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Public Mistakenly Kept From Courtrooms As COVID-19 Precautions Set In At Courthouse

When Morris Simon was separated from his girlfriend, he didn’t know whether he would get the chance to say goodbye, or even how he would find out her sentencing. (April Rubin/WUFT News)
When Morris Simon was separated from his girlfriend, he didn’t know whether he would get the chance to say goodbye, or even how he would find out her sentencing. (April Rubin/WUFT News)

Morris Simon came with his girlfriend of two years to the Alachua County Courthouse in Gainesville on Monday, intending to be there as she faced potential sentencing in a drug use case. But when he tried to enter Courtroom 3B with her, a security officer turned him away.

Initially, Simon, 28, of Melrose, who works at an asphalt paving company, thought it was because the proceedings involving other defendants were private. But when he learned it was due to concerns about the coronavirus, Simon said he understood the precaution.

“Whoever has been all over Florida or anywhere, they might have been around the virus, so they’re helping to slow it down,” he said.

Turns out Simon and anyone else prevented from entering Judge William Davis’ or any other courtroom in the courthouse should not have been, according to Christy Cain, public information officer for the Eighth Judicial Circuit of Florida.

It remains unclear who gave the order to only allow defendants and litigators into the courtrooms, Cain said, though a sign posted on the door of each one declared it was “for public safety reasons” and said, “Thank you, Court Administration.”

Family members, victims, victim representatives and members of the media were not allowed in.

Hours after all of the morning court proceedings were held, Cain sent out a news release stating that Chief Judge James Nilon had ordered changes to normal courthouse rules through March 27.

All jury selection, jury trials and grand jury proceedings will be suspended. So would all county and circuit criminal court events, except for first appearances, bond reduction hearings, in-custody plea hearings in which a defendant is expected to be released from jail or prison, and “matters which the court determines to be urgent upon motion of a party,” Nilon ordered.

Hearings in family, juvenile, civil, probate, guardianship, mental health, and traffic divisions were to be conducted by “electronic means” or postponed, except for hearings involving juvenile detention or domestic violence cases, the judge mandated.

While waiting outside Davis’ courtroom, Simon worried that his girlfriend might be sent to jail.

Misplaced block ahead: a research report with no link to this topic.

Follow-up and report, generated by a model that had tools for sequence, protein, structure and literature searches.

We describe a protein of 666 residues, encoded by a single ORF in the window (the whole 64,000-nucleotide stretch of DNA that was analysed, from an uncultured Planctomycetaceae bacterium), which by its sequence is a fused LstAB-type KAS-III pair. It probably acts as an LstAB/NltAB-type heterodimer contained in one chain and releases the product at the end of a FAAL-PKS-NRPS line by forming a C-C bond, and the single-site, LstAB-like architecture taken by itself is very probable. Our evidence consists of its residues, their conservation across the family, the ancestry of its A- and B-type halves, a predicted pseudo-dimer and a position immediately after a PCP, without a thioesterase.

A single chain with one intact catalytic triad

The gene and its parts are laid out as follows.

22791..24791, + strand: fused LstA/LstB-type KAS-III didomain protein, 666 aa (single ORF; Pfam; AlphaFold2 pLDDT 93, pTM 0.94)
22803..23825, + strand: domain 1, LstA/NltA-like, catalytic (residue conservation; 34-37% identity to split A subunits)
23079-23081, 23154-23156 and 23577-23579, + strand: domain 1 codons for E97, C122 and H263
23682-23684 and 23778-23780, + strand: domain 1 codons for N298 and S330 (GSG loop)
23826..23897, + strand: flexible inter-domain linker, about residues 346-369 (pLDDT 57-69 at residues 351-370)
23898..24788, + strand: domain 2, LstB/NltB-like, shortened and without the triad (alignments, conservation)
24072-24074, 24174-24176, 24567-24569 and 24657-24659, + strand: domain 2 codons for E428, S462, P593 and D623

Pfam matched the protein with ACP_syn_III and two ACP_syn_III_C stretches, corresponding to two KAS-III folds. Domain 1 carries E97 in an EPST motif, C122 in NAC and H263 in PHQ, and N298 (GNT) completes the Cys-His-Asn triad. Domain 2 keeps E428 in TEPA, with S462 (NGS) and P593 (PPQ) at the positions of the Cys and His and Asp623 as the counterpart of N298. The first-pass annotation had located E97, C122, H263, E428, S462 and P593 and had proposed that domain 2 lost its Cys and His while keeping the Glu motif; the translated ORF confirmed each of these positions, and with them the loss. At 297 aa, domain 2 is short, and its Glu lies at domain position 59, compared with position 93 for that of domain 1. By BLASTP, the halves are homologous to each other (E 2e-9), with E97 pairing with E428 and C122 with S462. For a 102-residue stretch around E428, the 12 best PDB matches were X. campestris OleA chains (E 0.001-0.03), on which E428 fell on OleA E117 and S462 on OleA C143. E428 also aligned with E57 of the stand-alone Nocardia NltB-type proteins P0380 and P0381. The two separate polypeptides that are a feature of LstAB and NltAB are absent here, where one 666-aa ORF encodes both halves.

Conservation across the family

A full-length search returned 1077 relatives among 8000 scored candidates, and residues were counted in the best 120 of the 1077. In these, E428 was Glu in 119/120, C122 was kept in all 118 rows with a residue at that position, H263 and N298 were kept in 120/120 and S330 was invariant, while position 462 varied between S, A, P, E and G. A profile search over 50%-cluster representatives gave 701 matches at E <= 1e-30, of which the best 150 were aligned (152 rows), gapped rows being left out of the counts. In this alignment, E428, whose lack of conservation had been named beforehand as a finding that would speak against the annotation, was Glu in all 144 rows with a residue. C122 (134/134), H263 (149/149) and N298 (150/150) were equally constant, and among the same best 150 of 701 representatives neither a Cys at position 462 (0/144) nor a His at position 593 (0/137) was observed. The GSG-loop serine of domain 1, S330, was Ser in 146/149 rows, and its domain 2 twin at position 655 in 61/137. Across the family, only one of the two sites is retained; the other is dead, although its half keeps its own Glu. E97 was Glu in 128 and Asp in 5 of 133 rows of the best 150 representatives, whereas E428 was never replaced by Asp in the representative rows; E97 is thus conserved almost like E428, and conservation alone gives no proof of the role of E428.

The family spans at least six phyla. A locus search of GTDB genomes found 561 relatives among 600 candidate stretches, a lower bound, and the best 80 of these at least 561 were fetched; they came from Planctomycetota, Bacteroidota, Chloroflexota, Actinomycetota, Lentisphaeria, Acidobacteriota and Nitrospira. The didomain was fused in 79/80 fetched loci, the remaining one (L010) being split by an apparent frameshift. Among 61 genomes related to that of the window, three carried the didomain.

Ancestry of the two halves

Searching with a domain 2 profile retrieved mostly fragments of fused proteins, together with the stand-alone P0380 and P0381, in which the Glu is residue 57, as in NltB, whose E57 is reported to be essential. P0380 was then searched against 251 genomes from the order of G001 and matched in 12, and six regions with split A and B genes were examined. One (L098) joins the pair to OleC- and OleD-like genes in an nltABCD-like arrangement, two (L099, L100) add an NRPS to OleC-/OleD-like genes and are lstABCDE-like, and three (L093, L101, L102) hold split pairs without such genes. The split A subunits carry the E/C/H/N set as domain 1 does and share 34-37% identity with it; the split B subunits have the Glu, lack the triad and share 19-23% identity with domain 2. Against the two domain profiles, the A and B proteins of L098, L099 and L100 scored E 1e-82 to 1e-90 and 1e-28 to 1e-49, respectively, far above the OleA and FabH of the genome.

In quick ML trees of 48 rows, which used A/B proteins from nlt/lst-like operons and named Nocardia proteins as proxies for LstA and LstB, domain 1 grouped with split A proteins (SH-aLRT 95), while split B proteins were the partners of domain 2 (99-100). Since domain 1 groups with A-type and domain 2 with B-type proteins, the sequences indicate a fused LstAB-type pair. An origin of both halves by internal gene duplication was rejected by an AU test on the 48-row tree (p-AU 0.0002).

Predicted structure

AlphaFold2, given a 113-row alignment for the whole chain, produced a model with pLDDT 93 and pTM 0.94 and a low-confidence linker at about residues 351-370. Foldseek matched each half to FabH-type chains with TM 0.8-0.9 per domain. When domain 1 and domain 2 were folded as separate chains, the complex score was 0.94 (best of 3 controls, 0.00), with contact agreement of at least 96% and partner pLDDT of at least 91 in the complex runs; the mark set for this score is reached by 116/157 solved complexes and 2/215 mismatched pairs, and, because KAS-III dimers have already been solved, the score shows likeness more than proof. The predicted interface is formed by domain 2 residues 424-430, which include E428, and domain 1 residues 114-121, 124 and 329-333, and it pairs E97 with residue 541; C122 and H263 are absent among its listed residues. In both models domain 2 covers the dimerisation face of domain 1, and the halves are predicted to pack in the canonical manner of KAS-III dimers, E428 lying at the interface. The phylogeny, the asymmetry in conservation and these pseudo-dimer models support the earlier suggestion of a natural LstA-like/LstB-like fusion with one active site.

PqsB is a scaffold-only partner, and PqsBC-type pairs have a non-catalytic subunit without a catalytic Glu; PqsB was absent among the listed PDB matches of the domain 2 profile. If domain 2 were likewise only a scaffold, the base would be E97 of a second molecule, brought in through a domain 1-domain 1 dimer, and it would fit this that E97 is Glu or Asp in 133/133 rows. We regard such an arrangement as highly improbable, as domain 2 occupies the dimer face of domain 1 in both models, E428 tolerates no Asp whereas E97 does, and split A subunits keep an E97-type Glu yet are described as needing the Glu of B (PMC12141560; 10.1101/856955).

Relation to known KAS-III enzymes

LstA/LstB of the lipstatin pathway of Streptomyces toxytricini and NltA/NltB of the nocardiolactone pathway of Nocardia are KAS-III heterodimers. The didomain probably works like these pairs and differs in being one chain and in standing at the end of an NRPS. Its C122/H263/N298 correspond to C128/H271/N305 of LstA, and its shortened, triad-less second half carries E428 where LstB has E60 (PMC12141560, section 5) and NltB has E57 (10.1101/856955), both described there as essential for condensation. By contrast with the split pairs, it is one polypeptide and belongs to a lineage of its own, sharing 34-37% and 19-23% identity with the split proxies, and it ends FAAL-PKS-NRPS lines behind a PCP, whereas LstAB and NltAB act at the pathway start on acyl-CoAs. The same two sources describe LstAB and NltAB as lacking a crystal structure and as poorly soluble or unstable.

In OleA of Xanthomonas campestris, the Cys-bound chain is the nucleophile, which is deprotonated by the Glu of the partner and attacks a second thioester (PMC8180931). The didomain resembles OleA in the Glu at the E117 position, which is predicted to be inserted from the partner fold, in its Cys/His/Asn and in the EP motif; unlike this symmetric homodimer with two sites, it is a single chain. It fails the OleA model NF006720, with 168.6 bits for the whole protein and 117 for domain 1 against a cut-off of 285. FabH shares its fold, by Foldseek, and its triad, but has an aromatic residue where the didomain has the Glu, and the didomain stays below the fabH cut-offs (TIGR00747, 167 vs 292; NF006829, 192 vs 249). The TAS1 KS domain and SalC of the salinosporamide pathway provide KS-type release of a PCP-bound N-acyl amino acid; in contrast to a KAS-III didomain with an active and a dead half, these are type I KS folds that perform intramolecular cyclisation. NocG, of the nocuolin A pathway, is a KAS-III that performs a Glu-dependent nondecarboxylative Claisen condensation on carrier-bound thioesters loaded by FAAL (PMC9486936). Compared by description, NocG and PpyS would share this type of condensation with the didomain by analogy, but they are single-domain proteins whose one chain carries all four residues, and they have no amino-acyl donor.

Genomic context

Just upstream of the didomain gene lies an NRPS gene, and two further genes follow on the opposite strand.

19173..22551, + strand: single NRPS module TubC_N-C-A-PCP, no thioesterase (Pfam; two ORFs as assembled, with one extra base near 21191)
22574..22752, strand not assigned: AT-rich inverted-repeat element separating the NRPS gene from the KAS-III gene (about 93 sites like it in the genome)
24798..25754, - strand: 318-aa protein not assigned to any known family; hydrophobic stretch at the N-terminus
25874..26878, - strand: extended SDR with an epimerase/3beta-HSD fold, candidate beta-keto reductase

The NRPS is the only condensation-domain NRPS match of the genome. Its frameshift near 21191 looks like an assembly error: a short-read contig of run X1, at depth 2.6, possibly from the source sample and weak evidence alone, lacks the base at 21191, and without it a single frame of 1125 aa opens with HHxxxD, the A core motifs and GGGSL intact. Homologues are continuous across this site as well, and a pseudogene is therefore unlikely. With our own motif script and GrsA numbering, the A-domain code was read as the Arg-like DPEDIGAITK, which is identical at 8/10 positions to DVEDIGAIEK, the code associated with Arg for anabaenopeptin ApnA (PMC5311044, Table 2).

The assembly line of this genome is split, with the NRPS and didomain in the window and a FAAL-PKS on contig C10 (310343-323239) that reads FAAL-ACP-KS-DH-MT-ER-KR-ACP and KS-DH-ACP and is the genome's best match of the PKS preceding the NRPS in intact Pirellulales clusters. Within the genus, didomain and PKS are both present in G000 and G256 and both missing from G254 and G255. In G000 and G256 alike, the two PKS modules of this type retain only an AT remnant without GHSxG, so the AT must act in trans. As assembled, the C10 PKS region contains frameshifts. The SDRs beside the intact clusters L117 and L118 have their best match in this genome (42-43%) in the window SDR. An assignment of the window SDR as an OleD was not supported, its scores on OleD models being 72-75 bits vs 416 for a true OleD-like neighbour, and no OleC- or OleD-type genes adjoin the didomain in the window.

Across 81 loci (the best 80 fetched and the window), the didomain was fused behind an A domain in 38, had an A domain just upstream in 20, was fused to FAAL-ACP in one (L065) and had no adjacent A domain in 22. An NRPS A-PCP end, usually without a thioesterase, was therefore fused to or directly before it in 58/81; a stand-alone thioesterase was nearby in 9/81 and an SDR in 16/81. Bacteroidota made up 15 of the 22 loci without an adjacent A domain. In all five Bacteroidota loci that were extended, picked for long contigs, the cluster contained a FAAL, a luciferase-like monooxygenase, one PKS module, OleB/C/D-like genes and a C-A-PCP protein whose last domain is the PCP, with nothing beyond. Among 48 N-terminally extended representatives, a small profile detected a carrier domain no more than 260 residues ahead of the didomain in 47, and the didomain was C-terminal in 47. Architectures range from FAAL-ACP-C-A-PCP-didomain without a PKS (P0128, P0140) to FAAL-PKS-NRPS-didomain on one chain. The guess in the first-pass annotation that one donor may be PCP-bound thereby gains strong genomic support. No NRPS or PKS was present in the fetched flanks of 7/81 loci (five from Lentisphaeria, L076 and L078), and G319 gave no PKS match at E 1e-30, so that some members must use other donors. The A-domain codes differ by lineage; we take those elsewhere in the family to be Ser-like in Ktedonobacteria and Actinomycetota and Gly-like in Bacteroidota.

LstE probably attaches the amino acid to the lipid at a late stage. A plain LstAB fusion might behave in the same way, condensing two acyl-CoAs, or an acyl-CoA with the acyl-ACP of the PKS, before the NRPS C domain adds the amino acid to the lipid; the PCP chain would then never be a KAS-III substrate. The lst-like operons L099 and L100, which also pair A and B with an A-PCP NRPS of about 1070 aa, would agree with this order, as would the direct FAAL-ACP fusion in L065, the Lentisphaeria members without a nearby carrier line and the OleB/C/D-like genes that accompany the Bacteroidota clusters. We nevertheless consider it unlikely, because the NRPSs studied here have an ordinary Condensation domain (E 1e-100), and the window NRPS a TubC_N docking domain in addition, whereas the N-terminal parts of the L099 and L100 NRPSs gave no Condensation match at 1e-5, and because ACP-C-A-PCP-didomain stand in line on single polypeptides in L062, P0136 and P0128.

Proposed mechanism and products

“They could have at least explained why I had to leave,” he said of the court security personnel. “What if she does go in – and I didn’t get a chance to say bye or wave at her?”

The two soon reunited with a hug after she walked out of the courtroom free to go.

Edward Birk, a news media and First Amendment attorney based in Jacksonville, said the U.S. Constitution mandates that criminal courts be open to the public. That’s to protect defendants through accountability and to maintain public confidence in the judicial system, Birk said.

“What happens in courts, criminal courts especially, belongs to the public,” he said.

Birk said closing courtrooms isn’t acceptable, even when courthouse officials are acting “on the fly” to adapt to the COVID-19 pandemic. Family members, victims, members of the media and the general public should be let in while sitting a safe distance away from each other, Birk said.

If excluding the public from entering the courtroom during a sentencing is deemed by an appeals court to be a “harmful error,” and thus a constitutional violation, then the lower court may have to resentence defendants in an open hearing, the attorney said. Otherwise, it would be a “harmless error,” in which the mistake did not deprive enough right to be of issue, he said.

“If a constitutional right starts to slip away, everybody needs to remain vigilant and fight for it,” Birk said.

A church office employee, who declined to share her name with WUFT News to protect her identity, arrived at the courthouse to witness her son’s sentencing. She said he had been in and out of both jail and rehabilitation for drug abuse. She hoped her son would get long-term rehab.

“I’m disappointed in the fact that I can’t have my son see that I’m there,” she said of the restriction barring her from his courtroom proceeding. “Even though he doesn’t want that kind of support now – in the long run, I want him to know I was here.”

The mother said she understood that precautions against the spread of COVID-19 were necessary, and hoped the judge would have seen her victim impact statement ahead of time.

“I just have to trust God that he will take over and give us the reaction we need,” she said.

April is a reporter for WUFT News who can be reached by calling 352-392-6397 or emailing news@wuft.org.